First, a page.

The Welfare System of Sweden Sweden's economic structure is based on the concept of solidarity, a concept that implies unity of purpose and acts as an incentive for productivity for the benefit of all, as opposed to productivity for personal gain. Solidarity also implies the sharing of material wealth; everyone has the right to equal access to the resources of society. Thus, real freedom is found in economic equality, not in unregulated economic competition where the unsuccessful are excluded from the community. In contrast, economic freedom spawns economic inequality, which in turn produces inequities in personal freedom. Prosperity in Sweden is thus distributed in order to create an economically homogeneous population by eliminating pockets of poverty and wealth. Hence, wage differentials have been reduced and profits distributed to the consumer in salaries and subsidies. As a result, a new morality has emerged in Sweden, one that is directed against competition, individualism, and consumerism. The goal of prevention in Sweden is the elimination of environmental conditions that cause h u m a n distress. Personal problems are considered reflections of social ills that must be altered before individual intervention can be effective. Harmful living conditions are corrected by social policies that support a homogeneous economic prosperity for all persons. The distribution of material benefits has created material security, eliminated disadvantaged classes, reduced unemployment, and created a strong health care program. The unemployment rate in Sweden is around 3%, and there is a systematic and intensive program to retrain unemployed workers to fill available positions. Health care services are not provided by the private sector but are furnished to all members of the society by the county and national governments. Trade and industry decisions are influenced by cooperative enterprises rather than, as in the past, by those vested with economic power (Heckscher, 1984). While such a social and economic philosophy has fostered a high standard of living, it has also created a dilemma because it views deviance as caused by environmental factors rather than individual tendencies. If personal problems merely reflect environmental conditions for which the State is accountable, the responsibility for individual be-


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havior is diminished. As parents abdicate their obligations to raise responsible children and assign the task to the State, their influence as role models is eroded. Again, the environment is blamed for personal transgressions. This circular phenomenon may help to explain why the crime rate has not abated in Sweden during the last decades (Heckscher, 1984). Psychotherapeutic services in Sweden are available to all citizens, a plan known as sectorization, whereby the country is divided into catchment areas, each with all types of health care--social, rehabilitative, residential, child, marital, gerontological, family, addictive, acute, chronic, inpatient and outpatient services. There is a strong emphasis on prevention, and emotional disturbance is viewed within a social context rather than as an individual illness requiring inpatient care. Health care policies are democratically administered and centrally organized with an emphasis on planned prevention (Seeman & Kerstin, 1984). Not only do the Swedes attempt to reduce and solve existing social problems but they also attempt to integrate prevention planning with the environmental factors that breed these problems. They achieve these goals through outreach programs, case-finding activities, and a well-developed information and counseling system. They also rely on child development services and provide transportation facilities, housing, medical care, and financial subsistence. Sweden's comprehensive social health care system is based on universal medical coverage supervised by the central government and administered by local authorities. Inpatient and outpatient treatment and medicines are free or inexpensive. Insurance benefits cover accidents, illness, unemployment, old age, occupational injury, pensions for the mentally and physically disabled, and childbirth and child support payments for single parents. In addition, there are collective benefits for child care and school lunch programs with fees regulated by income. Finally, education is free and housing is subsidized by the government (Heckscher, 1984). To prevent premature or unnecessary institutional commitment and to serve the needs of an increasingly aged population, the Swedish government has instituted an "open care" service that provides universal access to a home or community-based health care system. Open care provides service homes or residential hotels to all senior citizens; those with higher incomes pay fees on a sliding scale. Home-help services, meals, transportation, recreational and occupational activities, shopping, housekeeping, and personal and clothing care are provided. Med-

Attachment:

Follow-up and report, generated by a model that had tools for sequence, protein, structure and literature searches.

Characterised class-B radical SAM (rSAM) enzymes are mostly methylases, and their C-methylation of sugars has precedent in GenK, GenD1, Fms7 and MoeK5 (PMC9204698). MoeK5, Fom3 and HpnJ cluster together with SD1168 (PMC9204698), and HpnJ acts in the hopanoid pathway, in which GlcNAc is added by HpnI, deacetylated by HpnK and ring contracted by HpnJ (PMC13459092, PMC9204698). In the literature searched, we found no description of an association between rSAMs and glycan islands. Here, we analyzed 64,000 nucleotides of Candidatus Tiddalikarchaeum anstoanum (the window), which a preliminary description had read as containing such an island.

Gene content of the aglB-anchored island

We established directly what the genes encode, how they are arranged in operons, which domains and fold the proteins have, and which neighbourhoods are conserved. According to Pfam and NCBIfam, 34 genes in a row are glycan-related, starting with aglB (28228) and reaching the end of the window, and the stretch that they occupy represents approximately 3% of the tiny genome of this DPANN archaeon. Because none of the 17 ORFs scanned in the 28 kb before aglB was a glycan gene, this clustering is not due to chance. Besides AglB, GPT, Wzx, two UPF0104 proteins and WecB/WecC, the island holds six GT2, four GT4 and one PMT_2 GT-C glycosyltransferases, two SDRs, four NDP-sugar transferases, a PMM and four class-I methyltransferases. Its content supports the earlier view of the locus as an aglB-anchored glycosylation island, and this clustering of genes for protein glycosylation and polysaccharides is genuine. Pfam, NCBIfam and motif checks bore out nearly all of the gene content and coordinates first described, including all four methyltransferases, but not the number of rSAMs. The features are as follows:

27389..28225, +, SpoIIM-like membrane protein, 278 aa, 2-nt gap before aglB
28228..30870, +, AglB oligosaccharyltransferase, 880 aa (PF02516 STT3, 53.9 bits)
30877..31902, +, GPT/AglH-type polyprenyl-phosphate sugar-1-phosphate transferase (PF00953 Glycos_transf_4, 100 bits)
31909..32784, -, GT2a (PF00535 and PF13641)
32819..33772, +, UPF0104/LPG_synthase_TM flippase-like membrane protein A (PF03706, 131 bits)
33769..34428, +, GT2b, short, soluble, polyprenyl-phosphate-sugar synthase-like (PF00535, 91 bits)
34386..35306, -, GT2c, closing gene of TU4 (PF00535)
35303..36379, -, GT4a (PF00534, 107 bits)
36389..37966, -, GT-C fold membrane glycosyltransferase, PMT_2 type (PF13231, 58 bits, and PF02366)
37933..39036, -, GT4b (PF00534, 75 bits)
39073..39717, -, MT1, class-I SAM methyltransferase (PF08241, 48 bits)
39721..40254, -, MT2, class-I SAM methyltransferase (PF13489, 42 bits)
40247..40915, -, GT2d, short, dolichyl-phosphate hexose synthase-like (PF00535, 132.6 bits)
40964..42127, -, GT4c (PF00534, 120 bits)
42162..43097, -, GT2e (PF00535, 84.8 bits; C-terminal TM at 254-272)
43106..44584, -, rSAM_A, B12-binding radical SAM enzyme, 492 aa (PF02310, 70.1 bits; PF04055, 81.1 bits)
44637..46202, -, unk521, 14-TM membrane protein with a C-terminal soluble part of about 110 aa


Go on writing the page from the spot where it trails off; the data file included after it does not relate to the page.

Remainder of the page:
Arthur G. Nikelly